What Next in Legal?

So, what potentially lies on the horizon for law firms? We can look to the business world to see which new roles might potentially make their way into the legal market.

If we look at a study CompTIA conducted, there are some very different and interesting roles emerging. Some companies are looking to add Blockchain Engineers and GPU Cluster Engineers to their rosters. They are looking to add Bitcoin’s core technology, the Blockchain, to all sorts of things. Optimizing code to run on the GPU in addition to the CPU can make applications blazingly fast. As most law firms do not develop software at this level, I could see legal vendors looking to incorporate this technology into the platforms they sell law firms.

While law firms are getting into security, one of the newer roles is that of computer security incident responder. This person has a broad understanding of security information and event management (SIEM) and can deal with the effects of an exploit or attack. While there is a worldwide gap in experienced security personnel, this kind of role may be priced out of the reach of most firms for some time.

Even IBM may not know exactly what a Cognitive Computing Engineer or Machine Learning Specialist might do, but you can bet with all the Watson initiatives out there, the role will be an important one. IBM is even helping universities develop cognitive-related course materials. Some law firms are currently bandying about the terms “artificial intelligence” and “robot lawyer” but without any real substance. But law firms will get more sophisticated and we will see true AI in law firms.

If you think Virtual Reality Engineers are only for the gaming industry, think again. The world of trial preparation and presentation is hyper technology intensive. While it’s nice to see the mockup of how a fire spread, room-to-room and floor-to-floor, it would be nothing compared to being in the building virtually and seeing the fire spread around you. It’s entirely conceivable that future law firms would employ engineers of this type.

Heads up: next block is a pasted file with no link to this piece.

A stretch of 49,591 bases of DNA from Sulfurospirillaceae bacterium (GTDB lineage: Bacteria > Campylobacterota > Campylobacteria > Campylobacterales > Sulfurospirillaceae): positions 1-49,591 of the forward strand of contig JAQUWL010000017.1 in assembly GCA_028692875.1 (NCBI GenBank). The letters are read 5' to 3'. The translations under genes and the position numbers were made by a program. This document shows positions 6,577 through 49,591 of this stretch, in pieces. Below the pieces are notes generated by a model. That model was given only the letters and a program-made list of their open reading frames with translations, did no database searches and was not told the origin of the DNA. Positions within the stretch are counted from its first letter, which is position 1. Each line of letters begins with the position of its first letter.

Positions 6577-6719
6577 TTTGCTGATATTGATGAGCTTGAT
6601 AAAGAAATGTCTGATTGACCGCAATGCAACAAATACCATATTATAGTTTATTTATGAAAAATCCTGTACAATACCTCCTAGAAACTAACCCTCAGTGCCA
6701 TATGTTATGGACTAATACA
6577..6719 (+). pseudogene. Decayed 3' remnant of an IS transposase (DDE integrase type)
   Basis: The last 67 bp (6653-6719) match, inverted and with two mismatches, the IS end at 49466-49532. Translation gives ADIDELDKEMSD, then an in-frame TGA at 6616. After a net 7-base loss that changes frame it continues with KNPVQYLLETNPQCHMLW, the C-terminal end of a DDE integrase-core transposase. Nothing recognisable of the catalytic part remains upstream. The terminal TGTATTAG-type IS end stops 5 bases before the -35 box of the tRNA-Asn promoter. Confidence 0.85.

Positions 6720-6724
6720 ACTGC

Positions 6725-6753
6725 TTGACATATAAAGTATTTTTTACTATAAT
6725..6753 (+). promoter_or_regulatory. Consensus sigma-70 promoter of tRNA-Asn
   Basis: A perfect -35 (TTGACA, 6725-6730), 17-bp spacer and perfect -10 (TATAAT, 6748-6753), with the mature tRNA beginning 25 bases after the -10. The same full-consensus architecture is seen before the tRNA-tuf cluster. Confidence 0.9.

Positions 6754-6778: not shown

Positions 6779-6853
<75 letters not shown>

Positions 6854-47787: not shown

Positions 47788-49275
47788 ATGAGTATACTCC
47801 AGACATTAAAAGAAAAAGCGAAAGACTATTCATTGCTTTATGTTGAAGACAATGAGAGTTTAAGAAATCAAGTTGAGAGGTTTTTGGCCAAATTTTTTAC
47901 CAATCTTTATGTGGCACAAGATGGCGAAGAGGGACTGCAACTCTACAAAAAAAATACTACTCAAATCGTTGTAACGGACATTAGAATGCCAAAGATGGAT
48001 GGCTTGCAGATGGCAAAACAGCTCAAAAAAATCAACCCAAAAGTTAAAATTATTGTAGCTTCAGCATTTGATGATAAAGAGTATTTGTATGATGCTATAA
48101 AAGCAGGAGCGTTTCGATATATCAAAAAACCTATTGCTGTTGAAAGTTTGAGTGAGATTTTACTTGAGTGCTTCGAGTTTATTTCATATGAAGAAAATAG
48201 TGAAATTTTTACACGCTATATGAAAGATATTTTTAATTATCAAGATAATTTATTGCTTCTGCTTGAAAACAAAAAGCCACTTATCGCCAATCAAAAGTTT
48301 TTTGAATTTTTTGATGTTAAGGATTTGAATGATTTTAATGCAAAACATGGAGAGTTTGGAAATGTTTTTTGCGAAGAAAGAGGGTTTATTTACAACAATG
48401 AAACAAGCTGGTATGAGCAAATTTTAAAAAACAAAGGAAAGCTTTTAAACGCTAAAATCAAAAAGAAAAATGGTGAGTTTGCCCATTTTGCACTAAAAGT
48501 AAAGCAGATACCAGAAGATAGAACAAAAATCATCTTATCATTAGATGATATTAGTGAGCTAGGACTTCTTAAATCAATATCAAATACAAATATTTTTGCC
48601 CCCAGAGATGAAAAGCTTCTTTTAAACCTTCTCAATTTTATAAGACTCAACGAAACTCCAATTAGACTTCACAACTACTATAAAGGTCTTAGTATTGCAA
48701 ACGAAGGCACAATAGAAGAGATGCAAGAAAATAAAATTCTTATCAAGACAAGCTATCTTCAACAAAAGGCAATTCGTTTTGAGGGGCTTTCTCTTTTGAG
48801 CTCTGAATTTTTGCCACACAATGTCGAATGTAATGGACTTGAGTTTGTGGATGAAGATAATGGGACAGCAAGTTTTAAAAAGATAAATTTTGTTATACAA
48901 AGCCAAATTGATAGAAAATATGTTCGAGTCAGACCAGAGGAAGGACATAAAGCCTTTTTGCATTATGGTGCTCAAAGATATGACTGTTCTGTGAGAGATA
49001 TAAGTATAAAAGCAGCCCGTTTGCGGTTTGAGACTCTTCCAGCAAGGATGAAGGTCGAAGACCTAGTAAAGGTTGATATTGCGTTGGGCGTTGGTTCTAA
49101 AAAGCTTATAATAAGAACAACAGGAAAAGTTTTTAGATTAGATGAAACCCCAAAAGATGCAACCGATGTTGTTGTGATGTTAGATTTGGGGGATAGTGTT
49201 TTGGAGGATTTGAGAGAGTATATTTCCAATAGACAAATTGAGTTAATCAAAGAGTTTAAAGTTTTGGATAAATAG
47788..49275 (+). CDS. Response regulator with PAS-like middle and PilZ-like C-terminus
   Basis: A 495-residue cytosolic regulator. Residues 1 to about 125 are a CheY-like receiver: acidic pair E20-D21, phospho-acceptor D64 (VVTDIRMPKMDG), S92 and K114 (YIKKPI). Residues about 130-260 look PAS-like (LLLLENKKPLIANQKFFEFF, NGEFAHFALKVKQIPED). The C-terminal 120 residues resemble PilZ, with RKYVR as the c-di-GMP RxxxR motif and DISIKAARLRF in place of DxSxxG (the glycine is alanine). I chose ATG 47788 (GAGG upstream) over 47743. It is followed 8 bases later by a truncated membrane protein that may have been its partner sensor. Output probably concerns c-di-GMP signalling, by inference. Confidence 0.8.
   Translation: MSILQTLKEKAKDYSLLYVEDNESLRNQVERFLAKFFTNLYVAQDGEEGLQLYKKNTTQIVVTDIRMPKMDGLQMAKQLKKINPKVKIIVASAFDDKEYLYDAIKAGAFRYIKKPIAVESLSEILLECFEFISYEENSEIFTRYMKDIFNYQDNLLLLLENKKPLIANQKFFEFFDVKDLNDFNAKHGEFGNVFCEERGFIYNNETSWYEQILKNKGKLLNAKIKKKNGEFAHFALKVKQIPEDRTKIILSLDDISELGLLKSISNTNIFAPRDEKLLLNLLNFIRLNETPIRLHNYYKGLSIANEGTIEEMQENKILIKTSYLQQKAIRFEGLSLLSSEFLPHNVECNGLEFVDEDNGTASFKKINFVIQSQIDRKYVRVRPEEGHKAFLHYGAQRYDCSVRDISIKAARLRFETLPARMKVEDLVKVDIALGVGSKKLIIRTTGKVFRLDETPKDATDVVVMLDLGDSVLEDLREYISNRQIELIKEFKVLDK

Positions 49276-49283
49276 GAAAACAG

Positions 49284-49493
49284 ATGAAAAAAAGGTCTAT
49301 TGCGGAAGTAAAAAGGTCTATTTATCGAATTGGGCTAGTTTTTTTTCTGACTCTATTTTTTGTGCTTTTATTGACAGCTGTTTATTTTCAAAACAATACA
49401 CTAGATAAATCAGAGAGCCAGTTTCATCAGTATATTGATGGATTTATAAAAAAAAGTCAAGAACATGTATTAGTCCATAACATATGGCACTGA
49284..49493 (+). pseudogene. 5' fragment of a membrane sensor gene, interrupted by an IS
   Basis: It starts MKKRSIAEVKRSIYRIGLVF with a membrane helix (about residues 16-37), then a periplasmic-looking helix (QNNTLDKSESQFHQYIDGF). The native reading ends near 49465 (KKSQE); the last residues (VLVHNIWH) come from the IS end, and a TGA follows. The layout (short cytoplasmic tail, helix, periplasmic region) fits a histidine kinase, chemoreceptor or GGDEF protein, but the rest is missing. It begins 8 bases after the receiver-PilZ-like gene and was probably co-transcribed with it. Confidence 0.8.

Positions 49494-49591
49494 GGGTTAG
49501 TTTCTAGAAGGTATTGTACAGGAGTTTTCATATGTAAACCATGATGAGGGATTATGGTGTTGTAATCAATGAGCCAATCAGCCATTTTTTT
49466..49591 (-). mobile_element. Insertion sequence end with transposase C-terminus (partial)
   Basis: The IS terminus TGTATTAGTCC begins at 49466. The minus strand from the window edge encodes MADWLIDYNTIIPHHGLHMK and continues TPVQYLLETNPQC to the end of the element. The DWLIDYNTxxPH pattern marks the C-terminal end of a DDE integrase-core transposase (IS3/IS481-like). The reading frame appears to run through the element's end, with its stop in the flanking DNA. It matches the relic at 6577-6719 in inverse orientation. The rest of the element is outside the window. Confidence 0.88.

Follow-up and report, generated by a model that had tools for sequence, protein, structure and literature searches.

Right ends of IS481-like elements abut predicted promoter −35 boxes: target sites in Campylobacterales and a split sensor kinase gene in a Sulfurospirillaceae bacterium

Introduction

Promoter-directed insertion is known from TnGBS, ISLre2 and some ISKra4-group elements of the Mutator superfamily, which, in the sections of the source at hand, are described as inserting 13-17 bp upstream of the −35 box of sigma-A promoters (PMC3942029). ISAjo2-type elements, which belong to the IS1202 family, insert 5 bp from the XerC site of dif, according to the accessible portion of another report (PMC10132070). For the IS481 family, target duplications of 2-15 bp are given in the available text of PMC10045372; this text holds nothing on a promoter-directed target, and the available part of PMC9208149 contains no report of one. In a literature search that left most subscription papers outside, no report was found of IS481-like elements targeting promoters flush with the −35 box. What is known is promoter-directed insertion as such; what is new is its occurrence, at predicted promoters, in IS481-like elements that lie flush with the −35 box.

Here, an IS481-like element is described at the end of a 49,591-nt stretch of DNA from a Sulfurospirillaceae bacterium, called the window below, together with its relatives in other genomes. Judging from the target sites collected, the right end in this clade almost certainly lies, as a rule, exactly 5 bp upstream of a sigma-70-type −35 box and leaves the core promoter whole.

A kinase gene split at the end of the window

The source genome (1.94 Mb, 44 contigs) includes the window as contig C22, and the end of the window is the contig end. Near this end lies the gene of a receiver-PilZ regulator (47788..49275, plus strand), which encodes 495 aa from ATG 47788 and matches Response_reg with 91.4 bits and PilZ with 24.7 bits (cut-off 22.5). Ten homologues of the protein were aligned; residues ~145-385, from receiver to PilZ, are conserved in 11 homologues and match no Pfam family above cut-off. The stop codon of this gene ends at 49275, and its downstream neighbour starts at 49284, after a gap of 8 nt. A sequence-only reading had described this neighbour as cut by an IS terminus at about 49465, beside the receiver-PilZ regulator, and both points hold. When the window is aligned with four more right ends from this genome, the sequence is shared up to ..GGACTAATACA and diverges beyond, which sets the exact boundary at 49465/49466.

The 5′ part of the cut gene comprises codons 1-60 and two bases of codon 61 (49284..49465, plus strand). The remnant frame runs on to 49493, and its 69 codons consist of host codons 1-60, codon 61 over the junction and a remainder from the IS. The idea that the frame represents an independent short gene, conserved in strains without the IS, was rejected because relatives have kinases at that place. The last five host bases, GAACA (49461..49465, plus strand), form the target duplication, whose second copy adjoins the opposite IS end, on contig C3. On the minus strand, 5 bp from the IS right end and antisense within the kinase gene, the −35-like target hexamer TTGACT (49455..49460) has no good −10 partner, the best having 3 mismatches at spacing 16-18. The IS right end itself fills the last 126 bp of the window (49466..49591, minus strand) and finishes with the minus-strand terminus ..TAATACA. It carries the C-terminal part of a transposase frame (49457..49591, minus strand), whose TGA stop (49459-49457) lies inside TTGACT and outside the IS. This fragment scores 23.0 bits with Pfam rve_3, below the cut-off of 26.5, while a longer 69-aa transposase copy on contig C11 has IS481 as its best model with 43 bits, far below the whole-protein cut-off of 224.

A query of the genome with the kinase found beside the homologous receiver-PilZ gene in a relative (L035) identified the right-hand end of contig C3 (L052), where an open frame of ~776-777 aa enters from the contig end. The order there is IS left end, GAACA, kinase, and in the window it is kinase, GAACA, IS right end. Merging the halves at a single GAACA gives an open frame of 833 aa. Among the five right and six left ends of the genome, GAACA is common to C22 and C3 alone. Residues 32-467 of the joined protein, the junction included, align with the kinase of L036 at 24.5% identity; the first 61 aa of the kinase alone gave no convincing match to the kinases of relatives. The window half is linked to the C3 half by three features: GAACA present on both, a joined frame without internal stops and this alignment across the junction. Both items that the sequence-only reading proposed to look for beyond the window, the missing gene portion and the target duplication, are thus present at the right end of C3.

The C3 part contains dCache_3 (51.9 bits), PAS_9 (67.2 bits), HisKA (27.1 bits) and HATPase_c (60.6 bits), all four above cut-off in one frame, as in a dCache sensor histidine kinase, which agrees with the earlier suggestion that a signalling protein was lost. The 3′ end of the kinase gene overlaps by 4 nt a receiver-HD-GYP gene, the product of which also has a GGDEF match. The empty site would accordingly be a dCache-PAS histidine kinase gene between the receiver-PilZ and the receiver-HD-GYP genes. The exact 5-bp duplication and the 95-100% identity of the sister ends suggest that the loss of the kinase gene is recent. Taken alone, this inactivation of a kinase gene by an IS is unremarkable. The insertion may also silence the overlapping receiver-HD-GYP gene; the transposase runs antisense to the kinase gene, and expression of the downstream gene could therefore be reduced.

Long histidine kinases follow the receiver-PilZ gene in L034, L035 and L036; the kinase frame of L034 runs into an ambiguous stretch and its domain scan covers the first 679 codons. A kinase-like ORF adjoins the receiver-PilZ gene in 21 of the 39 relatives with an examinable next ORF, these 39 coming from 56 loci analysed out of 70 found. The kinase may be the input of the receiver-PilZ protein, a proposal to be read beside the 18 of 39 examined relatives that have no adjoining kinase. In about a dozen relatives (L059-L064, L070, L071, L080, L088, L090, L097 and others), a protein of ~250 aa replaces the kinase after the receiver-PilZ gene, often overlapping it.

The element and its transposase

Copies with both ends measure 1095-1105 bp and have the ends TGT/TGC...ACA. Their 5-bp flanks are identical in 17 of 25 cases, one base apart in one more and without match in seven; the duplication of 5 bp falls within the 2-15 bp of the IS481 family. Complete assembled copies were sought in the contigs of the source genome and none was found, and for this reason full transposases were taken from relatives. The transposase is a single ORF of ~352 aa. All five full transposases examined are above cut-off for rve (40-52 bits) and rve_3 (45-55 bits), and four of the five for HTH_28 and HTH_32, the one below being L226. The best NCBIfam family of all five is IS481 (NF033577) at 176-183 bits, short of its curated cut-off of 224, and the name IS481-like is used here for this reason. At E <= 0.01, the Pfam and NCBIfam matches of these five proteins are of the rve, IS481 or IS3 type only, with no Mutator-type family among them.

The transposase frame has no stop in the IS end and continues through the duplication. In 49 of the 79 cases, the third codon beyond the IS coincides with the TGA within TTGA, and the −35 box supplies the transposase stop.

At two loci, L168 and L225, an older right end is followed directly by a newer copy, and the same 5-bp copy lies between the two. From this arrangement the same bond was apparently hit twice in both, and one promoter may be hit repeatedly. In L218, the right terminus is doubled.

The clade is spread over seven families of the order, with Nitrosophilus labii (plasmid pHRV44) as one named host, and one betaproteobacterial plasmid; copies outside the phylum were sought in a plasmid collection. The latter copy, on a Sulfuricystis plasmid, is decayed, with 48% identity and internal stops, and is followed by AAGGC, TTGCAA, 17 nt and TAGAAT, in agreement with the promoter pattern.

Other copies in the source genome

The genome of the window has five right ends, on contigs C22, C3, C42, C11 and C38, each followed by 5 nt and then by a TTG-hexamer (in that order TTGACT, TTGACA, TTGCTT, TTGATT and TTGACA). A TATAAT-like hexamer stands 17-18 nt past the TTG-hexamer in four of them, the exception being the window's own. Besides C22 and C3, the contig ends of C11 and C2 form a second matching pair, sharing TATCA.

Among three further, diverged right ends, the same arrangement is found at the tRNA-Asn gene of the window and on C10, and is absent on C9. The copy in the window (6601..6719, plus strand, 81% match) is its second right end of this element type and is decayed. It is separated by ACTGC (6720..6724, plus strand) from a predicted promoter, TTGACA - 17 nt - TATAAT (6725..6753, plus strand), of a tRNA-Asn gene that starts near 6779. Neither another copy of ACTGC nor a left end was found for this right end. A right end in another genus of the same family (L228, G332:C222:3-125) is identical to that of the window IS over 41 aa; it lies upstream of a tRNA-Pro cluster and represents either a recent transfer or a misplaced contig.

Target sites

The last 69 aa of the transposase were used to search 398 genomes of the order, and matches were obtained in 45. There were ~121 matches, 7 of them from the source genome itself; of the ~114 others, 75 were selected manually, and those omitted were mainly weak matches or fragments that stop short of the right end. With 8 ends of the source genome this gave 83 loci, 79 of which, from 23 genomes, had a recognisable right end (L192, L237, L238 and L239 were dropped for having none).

The Internet of Things (IoT) is growing at an insane pace. Businesses are starting to look for IoT Architects to develop and deliver services around integrating a myriad of devices. I think law firms’ IoT architects would have a slightly different role. I think they would sit on the security team and architect solutions to protect the firm from the multitude of additional attack vectors created by IoT devices on users’ home networks.

One of the roles I know for sure we’ll see in law firms is that of Cloud Architect. As firms move more into the cloud and reorient themselves from “on-premises mentality” to “cloud mentality,” they’ll start fundamentally changing. One of the things I’m saying to my staff is that we need to “run at the speed of cloud.” That’s my way of saying that the cloud, when done correctly, is a radically different world than on-premises, complete with new ways and timetables to do things. And, in order to be successful, we need to modify our processes and our roles to match. As you shift to the cloud, you get to begin to exit the plumbing business. Plumbing, while important, doesn’t add to the bottom line of the firm. If you want to make serious advancements and impact the bottom line, you need positions that integrate into the business and practice of law.

So, law firms are seeing new roles emerging and will continue to see even more new roles in the future. Survival into 2020 and beyond will require firms to look past hardware and software upgrades, and change and adapt the support roles, themselves.